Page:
About this Research Topic
High-salinities are particularly challenging because cells need to effectively counterbalance the increase in osmotic pressure in the environment to prevent water loss and the corresponding disturbances in cellular activities and/or viability. Some halophiles increase internal ion concentrations (“salt in” strategy) to combat the high salinity, but this usually also requires permanent structural changes in their intrinsic enzymes and cellular machinery, which in the long term, prevents normal enzymatic functions at lower salinities. While the “salt-in” strategy is chiseled in textbooks as a hallmark trait of extreme halophiles, recent genomic data suggests that some lineages likely adopted the salt-in strategy for osmoregulation without imposing dramatic shifts in the structural properties of their proteins.
Several other halophiles rely on an alternative strategy, leading to the production of compatible solutes (osmolytes), which allows cells to cope with multiple salinity regimes without also changing their proteomic properties. However, the osmolyte strategy is energetically costly. As a rule of thumb, metabolic diversity is constrained by energetics at high salinities, which explains also the often-low taxonomic diversity in hypersaline environments. Other confounding factors such as the high density of viruses and distinct chemical profiles of hypersaline environments likely also contribute to the low diversity. Despite such adversities, halophiles thrive and are found in all three domains of life.
Notwithstanding primary research efforts in the last decades, many fundamental facets in the microbial ecology of dominant groups, particularly their biochemistry and roles remain uncharacterized, highlighting key research directions for further exploration. Moreover, hypersaline habitats contain an unprecedented array of uncultivated novel groups decorating the prokaryotic tree of life; most cultivated species currently serve as treasure troves for enzymes in food and medical biotechnologies.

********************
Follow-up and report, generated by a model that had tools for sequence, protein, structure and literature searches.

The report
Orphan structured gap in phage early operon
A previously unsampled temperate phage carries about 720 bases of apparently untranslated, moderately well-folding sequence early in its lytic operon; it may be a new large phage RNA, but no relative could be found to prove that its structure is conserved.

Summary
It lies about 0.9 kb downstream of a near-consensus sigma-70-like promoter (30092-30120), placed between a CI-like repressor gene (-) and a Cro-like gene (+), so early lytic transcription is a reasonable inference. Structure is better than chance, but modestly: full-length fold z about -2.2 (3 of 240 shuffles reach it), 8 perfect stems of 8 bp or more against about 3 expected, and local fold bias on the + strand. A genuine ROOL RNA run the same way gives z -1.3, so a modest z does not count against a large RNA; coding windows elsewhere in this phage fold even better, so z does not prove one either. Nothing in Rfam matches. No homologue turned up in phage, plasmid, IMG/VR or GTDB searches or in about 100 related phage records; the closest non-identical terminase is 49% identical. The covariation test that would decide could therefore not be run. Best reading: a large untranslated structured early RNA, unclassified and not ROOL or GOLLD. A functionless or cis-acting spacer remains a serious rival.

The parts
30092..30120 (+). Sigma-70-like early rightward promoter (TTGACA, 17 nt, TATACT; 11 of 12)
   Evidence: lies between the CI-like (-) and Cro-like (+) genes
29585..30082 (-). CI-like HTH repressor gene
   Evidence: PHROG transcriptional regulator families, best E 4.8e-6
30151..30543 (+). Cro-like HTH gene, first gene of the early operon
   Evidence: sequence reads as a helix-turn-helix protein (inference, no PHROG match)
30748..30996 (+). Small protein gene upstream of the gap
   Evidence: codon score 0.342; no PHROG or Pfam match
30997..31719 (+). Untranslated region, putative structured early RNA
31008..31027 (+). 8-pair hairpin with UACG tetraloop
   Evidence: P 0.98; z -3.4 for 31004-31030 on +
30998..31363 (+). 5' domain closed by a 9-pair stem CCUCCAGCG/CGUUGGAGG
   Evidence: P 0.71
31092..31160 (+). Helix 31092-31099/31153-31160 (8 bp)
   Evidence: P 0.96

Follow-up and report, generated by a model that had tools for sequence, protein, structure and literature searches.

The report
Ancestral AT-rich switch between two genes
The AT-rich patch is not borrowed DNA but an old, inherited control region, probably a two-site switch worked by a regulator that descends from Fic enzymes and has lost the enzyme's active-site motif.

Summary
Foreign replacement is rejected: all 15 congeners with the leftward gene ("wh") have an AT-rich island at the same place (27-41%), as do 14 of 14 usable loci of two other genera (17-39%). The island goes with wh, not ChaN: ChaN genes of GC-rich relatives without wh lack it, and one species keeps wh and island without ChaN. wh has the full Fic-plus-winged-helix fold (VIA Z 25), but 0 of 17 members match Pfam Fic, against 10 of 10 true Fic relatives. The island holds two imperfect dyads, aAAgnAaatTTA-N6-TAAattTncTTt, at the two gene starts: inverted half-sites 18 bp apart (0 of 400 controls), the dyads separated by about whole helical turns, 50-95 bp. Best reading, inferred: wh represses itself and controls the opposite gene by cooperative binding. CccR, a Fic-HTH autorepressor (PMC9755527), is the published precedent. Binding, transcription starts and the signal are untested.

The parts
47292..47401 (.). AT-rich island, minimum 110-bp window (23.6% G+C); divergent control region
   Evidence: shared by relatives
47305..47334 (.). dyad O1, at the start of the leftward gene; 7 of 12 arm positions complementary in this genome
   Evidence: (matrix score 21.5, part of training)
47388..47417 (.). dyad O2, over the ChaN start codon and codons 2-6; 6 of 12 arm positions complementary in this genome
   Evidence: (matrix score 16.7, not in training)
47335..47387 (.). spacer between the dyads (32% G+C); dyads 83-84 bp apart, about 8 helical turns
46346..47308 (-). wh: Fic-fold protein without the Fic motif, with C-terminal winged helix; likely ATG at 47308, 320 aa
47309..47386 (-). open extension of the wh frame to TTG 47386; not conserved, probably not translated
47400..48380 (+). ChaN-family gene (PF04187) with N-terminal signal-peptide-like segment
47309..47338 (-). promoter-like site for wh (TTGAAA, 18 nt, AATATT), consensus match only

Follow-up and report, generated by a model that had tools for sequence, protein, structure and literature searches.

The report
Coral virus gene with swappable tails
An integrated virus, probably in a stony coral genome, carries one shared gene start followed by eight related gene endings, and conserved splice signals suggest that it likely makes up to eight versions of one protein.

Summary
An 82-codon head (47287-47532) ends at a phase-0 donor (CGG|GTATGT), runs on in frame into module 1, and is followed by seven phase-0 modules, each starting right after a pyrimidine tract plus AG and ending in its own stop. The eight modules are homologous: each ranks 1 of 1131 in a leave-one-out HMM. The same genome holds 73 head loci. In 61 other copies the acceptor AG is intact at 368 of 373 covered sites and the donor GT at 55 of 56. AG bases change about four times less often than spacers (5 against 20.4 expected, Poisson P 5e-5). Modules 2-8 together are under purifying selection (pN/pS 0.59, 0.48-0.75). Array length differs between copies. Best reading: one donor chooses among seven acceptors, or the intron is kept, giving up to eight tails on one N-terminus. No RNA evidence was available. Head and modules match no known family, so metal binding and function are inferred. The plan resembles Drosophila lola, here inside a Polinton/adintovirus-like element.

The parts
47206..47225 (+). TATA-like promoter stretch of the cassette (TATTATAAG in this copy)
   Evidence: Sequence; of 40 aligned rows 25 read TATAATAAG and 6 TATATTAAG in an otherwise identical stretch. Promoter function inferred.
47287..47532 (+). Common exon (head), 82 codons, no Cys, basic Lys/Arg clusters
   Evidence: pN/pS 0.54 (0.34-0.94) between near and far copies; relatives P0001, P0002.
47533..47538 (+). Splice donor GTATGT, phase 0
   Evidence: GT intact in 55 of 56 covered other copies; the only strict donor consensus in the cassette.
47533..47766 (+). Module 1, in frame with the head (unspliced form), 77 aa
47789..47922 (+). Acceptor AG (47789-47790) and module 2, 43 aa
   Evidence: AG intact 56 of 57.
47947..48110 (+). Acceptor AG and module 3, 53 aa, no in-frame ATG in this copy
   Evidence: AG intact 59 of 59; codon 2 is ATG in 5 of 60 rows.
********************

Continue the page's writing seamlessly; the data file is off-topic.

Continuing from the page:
Although significant strides in sequencing technologies have opened a path for large-scale exploration of structure-function relationships in hypersaline environments, the metabolic traits underpinning the roles of a vast majority of signature groups remain untapped due to the paucity of genomic data. Thus, details regarding the ecology of many of these microbes remain obscure. Against this backdrop, is the recent evidence indicating that some of these lineages harbor metabolic traits presumptively constrained by bioenergetics, which also offered clues to the evolutionary history of methanogenesis. Also, a challenge currently remains on how to study the metabolic activity and transcriptional landscape of these microorganisms that are located in relatively inaccessible deep-sea settings or present at centimeter-scale environmental gradients.
The present Research Topic on “Living with Salt: Genetics and Ecology of Halophiles” aims to assemble contributions from scientists working on the genetics and microbial ecology of hypersaline habitats and environments with steep salinity gradients. Here, we would like to encourage authors to contribute research articles that are interdisciplinary, including original research, techniques, reviews, and synthesis articles.
Broadly, we would like contributions covering the following areas of research:
1). General physiology and biochemistry of novel candidate divisions or lineages
2). Adaptations to life under high salinity
3). Evolutionary history of halophiles
4). Microbial life in salinity gradients
5). Extracellular DNA: roles in nutritional ecology and epigenetics of halophiles
6). Phylogeny, taxonomy and biodiversity of halophiles
7). Halophiles as models for astrobiology
8). Future directions in the microbial ecology of hypersaline environments
Keywords: Halophiles, Ecogenomics, salinity gradients, Epigenetics, Evolution, Taxonomy, Diversity
Important Note: All contributions to this Research Topic must be within the scope of the section and journal to which they are submitted, as defined in their mission statements. Frontiers reserves the right to guide an out-of-scope manuscript to a more suitable section or journal at any stage of peer review.